The NAHF-XTM technology was pioneered and perfected over seven years with funding from the Air Force, Army, aerospace industry and Third Frontier, said Brian Rice, Division Head for Multi-Scale Composites and Polymers at UDRI. After successfully controlling growth of carbon nanotubes on individual carbon fibers, researchers accomplished the same on a type of carbon-fiber yarn and eventually on engineered textiles. The breakthrough was in overcoming issues of uniformity and precisely controlling growth of the nanotubes, Rice said.

"Various industries have been replacing metals with composites in structures and components because of their lighter weight and durability. But in doing so, electrical and thermal conductivity inherent to metals is lost. By growing nanotubes on carbon fibers used in composites in a very specific manner, those properties are built back in - and the composites also can be tailored for specialized mechanical properties."

Rice said the hybrid fabric production facility will serve as a cornerstone for Ohio's Aerospace Hub in Dayton by helping to attract and connect new and existing businesses related to aerospace, sensing technologies and advanced materials. One targeted application will be unmanned aerial vehicles weighing less than 150 pounds. "We'd like to begin making ‘smart' structural materials for UAVs that also serve as the plane's communication, power and sensor systems. Not having to add a battery or external sensors means less weight on the plane."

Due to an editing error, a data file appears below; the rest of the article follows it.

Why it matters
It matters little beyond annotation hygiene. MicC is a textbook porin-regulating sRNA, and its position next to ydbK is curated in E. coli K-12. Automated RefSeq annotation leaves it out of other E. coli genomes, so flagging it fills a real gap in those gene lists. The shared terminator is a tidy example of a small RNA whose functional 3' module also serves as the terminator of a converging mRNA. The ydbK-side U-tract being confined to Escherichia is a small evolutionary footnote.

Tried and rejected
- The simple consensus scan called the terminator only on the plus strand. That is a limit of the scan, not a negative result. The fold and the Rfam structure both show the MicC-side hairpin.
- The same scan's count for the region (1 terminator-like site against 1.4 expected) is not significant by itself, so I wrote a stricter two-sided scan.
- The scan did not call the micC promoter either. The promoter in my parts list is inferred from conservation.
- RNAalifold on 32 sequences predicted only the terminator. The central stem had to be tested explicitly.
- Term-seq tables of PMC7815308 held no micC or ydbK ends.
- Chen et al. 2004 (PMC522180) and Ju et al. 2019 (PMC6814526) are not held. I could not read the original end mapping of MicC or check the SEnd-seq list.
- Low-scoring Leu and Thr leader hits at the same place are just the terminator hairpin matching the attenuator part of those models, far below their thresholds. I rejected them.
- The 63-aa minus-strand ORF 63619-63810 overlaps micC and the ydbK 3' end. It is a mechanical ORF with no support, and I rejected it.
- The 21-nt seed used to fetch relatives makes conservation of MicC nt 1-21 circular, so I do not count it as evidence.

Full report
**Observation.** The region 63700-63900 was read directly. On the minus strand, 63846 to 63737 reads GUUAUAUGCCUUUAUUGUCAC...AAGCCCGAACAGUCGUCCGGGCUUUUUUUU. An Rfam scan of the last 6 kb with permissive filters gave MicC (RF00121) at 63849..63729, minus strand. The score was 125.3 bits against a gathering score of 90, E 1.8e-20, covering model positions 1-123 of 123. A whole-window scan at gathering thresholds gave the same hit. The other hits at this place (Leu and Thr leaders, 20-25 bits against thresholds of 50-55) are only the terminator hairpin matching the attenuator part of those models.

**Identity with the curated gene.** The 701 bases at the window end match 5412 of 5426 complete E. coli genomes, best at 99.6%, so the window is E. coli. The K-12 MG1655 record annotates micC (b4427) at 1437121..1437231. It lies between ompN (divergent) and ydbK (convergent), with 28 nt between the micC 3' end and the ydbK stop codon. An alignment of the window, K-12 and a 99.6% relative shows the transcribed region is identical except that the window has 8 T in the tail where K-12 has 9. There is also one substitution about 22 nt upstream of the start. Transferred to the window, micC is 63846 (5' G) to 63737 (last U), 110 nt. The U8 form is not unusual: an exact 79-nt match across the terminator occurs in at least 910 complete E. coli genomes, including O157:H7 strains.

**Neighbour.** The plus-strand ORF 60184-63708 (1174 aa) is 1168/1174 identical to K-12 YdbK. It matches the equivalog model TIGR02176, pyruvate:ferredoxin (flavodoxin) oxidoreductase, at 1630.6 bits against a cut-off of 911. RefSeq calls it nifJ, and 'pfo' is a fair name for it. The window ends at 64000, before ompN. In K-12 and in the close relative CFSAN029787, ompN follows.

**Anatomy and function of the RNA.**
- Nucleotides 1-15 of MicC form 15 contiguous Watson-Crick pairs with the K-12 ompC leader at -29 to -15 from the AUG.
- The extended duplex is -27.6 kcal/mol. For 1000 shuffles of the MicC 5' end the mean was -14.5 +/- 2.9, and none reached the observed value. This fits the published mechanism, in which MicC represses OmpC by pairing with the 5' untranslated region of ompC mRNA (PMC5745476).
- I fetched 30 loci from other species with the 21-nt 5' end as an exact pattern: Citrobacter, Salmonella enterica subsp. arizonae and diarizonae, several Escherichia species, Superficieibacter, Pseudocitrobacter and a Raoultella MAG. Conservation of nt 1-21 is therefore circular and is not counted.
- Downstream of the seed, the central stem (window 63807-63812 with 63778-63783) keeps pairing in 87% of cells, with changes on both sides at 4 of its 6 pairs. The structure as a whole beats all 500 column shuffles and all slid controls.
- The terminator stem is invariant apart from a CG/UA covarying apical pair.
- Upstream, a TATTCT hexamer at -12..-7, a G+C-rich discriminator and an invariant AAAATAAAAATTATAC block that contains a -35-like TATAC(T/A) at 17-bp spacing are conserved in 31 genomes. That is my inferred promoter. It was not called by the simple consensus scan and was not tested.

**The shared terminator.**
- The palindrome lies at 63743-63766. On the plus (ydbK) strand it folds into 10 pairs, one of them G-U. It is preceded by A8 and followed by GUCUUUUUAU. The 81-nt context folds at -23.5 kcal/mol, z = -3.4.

The program is expected to create 70 high-tech jobs in Ohio during its first three years and 165 jobs in the second five years.

####

About University of Dayton Research Institute
Helping customers achieve research and development goals and solve challenging technological problems has been the focus of the University of Dayton Research Institute since its inception more than 50 years ago.



Our nearly 400 full-time staff members view themselves as partners in our customers’ success, which allows us to combine creative research expertise with a strong customer focus and an impeccable attention to schedules, budgets, intellectual property rights and quality deliverables.



A strong customer base has allowed us to create an $85 million research enterprise. Our materials research capability is the second largest in the nation among universities, and our engineering research capability ranks within the top twenty.

For more information, please click here

Contacts:

Contact Us



300 College Park
Dayton, OH 45469-0101

937-229-2113
937-229-2888 (fax)

Copyright © University of Dayton Research Institute

If you have a comment, please Contact us.

Issuers of news releases, not 7th Wave, Inc. or Nanotechnology Now, are solely responsible for the accuracy of the content.

Bookmark:
Delicious Digg Newsvine Google Yahoo Reddit Magnoliacom Furl Facebook

Related News Press

News and information

Sensor Designed in Iran Able to Remove Formaldehyde Gas from Environment April 27th, 2015

Cacao Seed Extract Used in Production of Catalytic Nanoparticles April 27th, 2015